Only way to go: Treat my vote as my bank account

Written by Haider Abbas | Published on: May 14, 2017
 The Central Government has finally approved EVMs with VVPAT but will it suffice?



Victory has a hundred fathers, defeat is an orphan, goes the saying. An unprecedented new political situation has risen in UP this time with BJP and its allies romping home with 325/403 seats in the state Assembly.
 
How did BJP manage such a landslide? 
 
Part of the answer lies in its comfortable majority of 272 in Parliament and the anti-incumbency vote against the BSP and SP governments of the last decade. 
But how demonetisation helped the BJP is the real miracle.
 
It is now an open-secret that the total amount of currency in circulation which was to be deposited in banks from November 8-Decemeber 30 last year has been far exceeded. The RBI is maintaining a deafening silence on the issue despite numerous RTI queries. It is hiding behind the plea of national-security to stonewall the queries.
 
The fact is that demonetisation has benefitted everyone. The fat cats who had hoarded currency got it deposited in ever-so-eager banks and with jewellers, paying a commission as high as 30%. Thus, it won't be out of place to conclude in retrospect that perhaps the entire exercise was to convert black money as well as fake currency into white-money. 
 
Demonetisation also eased the space constraints for major hoarders as now only 50 notes of Rs 2,000 can make a lakh. Fake currency notes have once again started surfacing. So is it just a vicious cycle?
 
Many died in bitter cold while standing for hours during the 50 days campaign and yet people voted heavily in favour of BJP. In UP millions of jobless, unemployed, under-employed labourers and daily wagers etc stood in lines to exchange one lakh rupees for their masters on daily basis, and were paid Rs 5,000 towards “service charges”.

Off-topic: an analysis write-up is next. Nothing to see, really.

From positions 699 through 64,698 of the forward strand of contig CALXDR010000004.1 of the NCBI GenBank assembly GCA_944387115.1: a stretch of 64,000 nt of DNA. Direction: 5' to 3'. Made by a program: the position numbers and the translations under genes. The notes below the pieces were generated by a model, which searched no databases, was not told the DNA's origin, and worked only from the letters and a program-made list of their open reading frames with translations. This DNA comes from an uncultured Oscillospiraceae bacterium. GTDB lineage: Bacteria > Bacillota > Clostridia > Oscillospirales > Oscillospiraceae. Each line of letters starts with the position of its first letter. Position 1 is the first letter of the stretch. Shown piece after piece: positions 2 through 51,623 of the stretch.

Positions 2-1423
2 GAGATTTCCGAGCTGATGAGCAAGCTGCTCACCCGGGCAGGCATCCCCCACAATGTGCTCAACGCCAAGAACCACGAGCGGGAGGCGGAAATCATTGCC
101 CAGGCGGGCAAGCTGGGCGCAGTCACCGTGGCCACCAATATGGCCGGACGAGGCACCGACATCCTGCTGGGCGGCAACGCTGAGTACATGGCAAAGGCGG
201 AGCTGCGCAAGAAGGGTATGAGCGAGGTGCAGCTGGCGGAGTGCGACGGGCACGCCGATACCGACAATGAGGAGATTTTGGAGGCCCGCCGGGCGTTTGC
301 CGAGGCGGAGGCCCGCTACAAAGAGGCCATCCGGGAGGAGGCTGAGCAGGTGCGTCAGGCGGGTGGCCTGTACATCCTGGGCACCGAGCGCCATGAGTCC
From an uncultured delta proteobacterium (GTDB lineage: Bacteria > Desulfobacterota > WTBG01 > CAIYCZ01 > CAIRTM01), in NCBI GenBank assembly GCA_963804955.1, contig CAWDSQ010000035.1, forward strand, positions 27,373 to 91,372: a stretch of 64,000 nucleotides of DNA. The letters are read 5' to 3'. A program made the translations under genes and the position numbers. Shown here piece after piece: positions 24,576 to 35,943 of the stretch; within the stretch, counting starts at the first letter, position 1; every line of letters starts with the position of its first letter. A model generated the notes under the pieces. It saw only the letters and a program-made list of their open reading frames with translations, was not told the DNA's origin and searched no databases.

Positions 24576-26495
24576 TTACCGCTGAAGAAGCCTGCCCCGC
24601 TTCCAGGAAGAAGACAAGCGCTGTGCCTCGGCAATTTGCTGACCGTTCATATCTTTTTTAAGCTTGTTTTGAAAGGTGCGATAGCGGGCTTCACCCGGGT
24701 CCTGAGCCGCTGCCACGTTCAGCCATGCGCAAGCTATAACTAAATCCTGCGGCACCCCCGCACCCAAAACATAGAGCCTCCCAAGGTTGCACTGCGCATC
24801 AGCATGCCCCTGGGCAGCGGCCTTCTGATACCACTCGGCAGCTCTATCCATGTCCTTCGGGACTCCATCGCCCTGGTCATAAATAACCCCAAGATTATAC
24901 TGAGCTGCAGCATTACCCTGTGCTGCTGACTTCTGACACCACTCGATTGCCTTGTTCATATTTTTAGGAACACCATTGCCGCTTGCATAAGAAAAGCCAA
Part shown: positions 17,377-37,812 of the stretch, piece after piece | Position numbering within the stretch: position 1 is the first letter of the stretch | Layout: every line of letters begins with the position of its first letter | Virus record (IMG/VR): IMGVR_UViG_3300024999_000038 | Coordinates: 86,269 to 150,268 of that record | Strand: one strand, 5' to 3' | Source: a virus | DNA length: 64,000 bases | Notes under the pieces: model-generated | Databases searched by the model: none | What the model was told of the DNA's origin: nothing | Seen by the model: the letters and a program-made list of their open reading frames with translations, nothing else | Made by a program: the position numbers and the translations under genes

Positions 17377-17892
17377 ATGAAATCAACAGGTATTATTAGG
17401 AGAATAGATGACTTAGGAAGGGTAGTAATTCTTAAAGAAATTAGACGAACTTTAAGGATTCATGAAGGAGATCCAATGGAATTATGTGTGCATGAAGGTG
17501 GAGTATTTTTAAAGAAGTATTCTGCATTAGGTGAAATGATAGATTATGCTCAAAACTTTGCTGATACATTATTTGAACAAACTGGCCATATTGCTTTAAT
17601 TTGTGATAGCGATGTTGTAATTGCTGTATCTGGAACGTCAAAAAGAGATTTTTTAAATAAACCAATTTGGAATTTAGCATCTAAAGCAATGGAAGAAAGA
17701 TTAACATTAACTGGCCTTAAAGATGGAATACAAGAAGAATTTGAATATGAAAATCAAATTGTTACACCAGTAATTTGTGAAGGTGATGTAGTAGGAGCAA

Millions of them deposited their masters’ money in their personal accounts, opened new accounts at the behest of their masters. Jan Dhan Yojna accounts saw a huge spike in deposits and their masters’ money is now sitting in their personal accounts.
 
Prime Minister Narendra Modi announced that he would find some way (in order to make this money their own) and this fired the popular imagination. A poor man who never had Rs 1,000 in his account now had lakhs in it and if he could manage to keep it as his own he would be indebted to Modi forever.
 
Now the deadline of March 31 is over and obviously the masters will seek return of their money. That’s when it would be most helpful to have a BJP government at the helm to look to for help when complaining to the police about harassment. It is anybody’s guess that an avalanche of such defaulters is in the offing.
 
Thus, Modi has brought happiness to the poor who were also elated over the fact that the rich and middle-class had been brought down to their level, made to stand in the same queues as them.
 
This together with the BJP’s anti-Muslim politics, the Central government’s Urjaa Yojna, representation to non-Jatav and non-Yadav communities, anti-incumbency against SP coupled with its ignominious in-house fighting, tilt of the upper castes towards BJP is what the Assembly results are all about.
 
BSP was vociferous in its opposition to demonetisation while SP could only put up a timid response.
 
Another factor which has become even more relevant after the civic elections in Delhi is that of Electronic Voting Machines (EVMs). The Modi government has finally approved equipping EVMs with Voter Verified Paper Audit Trail (VVPAT) following sustained opposition from all parties. 
 
BSP supremo Mayawati has gone to Supreme Court which has given four-week’s time to Chief Election Commission (CEC) to reply. It is ironic that this initiative should have come from Mayawati and not the outgoing CM Akhilesh Yadav. Instead, the latter attended the March 18 oath ceremony of Yogi Adityanath while his father Mulayam Singh Yadav whispered in Modi’s ears triggering speculation.
 
Did we find Mayawati present in Akhilesh Yadav swearing-in ceremony in 2012? Certainly not.
 
The results from the UP elections have baffled everyone. Even the BJP had not imagined such a landslide victory. People’s confidence in the voting system through EVM has reached a new low, particularly after demonetisation when people have started to believe that anything is possible with BJP at the helm.